The finding that IGF-1 protected prostate cancer cells from apoptosis was consistent with concurrent work from other groups which indicated that the type I IGF-receptor signal transduction mechanism could both induce proliferation and activate intracellular anti-apoptotic pathways in breast cancer cells (57–60). The type I IGF-receptor—mediated signaling pathway transduction inhibited etoposide (a topoisomerase I inhibitor)-induced apoptosis, by a mechanism independent of IGF’s mitogenicity (60). The anti-apoptotic effect of IGF-1, which was associated with up-regulated Bcl-XL expression, was mediated by phosphatidylinositol-3′-kinase (PI3′-kinase) and mitogen-activated protein kinase (MAPK) activity, suggesting that IGF-1 was capable of preventing apoptosis by activation of multiple signal transduction pathways, thus, regulating the expression of anti-apoptotic genes, such as bcl-2 and bcl-XL (61,62).
In addition to the cardinal role of IGF-1 as a survival factor, a broad spectrum of other factors may also protect metastatic cancer cells from apoptosis. For example, TGF-β1 is protective for both prostate (18) and breast cancer cells (19). The physiological role of some of these growth factors (e.g., IGFs in myeloma) or cytokines (e.g., IL-6) is well established (63). The rapidly growing study of these factors led to the introduction and wider acceptance of the term “survival factors” (18,19). Initially, studies of survival factor mechanism of action focused on mitogenic pathways. A novel concept is that survival factors may act by activating proliferation and by blocking apoptosis. Each of them may occur via distinct signal transduction pathways.
The concept of survival factors is also very important from a clinical standpoint, because it places emphasis on the under-appreciated observation that, at the molecular level, resistance to chemotherapy can be attributed to neither up-regulation of multiple drug—resistant (MDR)-1/P-glycoprotein (or other similar drug transport systems) nor gene amplification mechanisms of chemoresistance (1,3,64). This frequently present, yet poorly understood form of acquired, non-genetic, multidrug-resistant phenotype may be explained, at least in part, by exposure of cancer cells to survival factors locally. It is possible that tissues rich in IGF-I or other survival factors, such as bone, may be sanctuaries for prostate tumor cells. This may account for the switch of prostate cancer cells from an androgen-dependent to an androgenindependent phenotype, while the cells still possess androgen receptor.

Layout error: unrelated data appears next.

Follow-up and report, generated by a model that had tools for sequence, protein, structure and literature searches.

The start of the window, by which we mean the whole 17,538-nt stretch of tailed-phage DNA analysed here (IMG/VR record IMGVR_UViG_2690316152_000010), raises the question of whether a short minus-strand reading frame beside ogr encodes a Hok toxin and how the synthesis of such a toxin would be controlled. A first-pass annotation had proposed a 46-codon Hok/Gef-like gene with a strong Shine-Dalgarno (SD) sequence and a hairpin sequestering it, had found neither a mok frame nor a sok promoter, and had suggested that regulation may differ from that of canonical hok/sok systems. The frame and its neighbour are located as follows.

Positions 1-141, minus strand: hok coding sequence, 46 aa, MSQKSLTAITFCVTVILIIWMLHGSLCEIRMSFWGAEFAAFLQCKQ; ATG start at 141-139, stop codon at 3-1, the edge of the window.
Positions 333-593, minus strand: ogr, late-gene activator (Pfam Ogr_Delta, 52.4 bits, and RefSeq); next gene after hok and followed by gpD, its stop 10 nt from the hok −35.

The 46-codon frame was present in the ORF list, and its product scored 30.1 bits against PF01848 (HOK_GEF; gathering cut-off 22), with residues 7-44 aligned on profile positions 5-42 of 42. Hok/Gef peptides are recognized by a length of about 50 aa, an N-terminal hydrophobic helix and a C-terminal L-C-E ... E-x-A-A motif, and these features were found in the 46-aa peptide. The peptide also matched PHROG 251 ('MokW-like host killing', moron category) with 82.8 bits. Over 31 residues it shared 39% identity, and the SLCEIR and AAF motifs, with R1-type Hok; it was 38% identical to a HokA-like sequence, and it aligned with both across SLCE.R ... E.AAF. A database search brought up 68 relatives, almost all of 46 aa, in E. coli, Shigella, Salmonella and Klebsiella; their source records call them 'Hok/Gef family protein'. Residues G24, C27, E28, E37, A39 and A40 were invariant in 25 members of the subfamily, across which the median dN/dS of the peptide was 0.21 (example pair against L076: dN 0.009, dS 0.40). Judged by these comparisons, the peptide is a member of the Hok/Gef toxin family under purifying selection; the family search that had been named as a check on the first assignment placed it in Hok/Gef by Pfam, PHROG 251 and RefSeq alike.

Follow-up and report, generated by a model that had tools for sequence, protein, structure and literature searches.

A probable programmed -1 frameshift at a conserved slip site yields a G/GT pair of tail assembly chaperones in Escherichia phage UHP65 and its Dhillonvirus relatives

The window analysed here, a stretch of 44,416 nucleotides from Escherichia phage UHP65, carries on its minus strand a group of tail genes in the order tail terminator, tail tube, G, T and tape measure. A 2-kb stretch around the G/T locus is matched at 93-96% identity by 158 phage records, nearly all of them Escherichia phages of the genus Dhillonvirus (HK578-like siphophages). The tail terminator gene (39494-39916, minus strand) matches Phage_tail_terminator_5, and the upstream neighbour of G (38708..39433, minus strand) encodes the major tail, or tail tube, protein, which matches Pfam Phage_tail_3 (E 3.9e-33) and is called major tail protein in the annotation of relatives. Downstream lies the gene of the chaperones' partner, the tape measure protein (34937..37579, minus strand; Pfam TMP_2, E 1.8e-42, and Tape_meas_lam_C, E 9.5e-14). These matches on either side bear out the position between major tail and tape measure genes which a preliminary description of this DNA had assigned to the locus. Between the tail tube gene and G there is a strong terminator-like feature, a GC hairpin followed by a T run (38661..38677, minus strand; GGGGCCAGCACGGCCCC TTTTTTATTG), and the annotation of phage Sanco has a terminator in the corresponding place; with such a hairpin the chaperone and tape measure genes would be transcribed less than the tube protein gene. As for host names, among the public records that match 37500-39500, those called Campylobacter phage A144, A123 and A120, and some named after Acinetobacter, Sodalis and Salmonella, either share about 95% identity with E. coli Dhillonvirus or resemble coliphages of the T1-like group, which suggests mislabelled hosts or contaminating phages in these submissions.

Until fairly recently, the prevailing hypothesis was that androgen receptor (AR) gene expression defects were the most likely molecular basis of refractoriness to androgen ablation (65). However, down-regulation or loss of AR expression has not been documented in androgen-independent prostate cancer (66, 67). This is consistent with the possibility that other mechanisms might be involved for the phenotypic switch to androgen insensitivity. Indeed, certain point mutations at the AR ligand-binding domain produce broad ligand-binding specificity, creating mutant ARs with transcriptional activity that paradoxically can be activated by steroids other than androgen or even by antiandrogens (68–70). This is the molecular background of the anti-androgen withdrawal syndrome (71,72). Alternatively, prostate cells with amplification of the AR gene may respond to very low concentrations of androgens, which might, in theory, explain the disease progression to stage D3 during androgen ablation therapy (73,74). Furthermore, AR mutations that constitutively activate AR-regulated pathways would, at least theoretically, explain the ability of prostate cancer cells to survive in an environment lacking its ligand (75). All the aforementioned mutations are fairly frequent (76), but they have been identified in only a subgroup of tumor samples from hormone refractory patients (77–84). Therefore, it is conceivable that other molecular events might mediate AR-regulated transcription of genes acting during cellular apoptosis, even under conditions in which concentrations of the androgen are suppressed (85).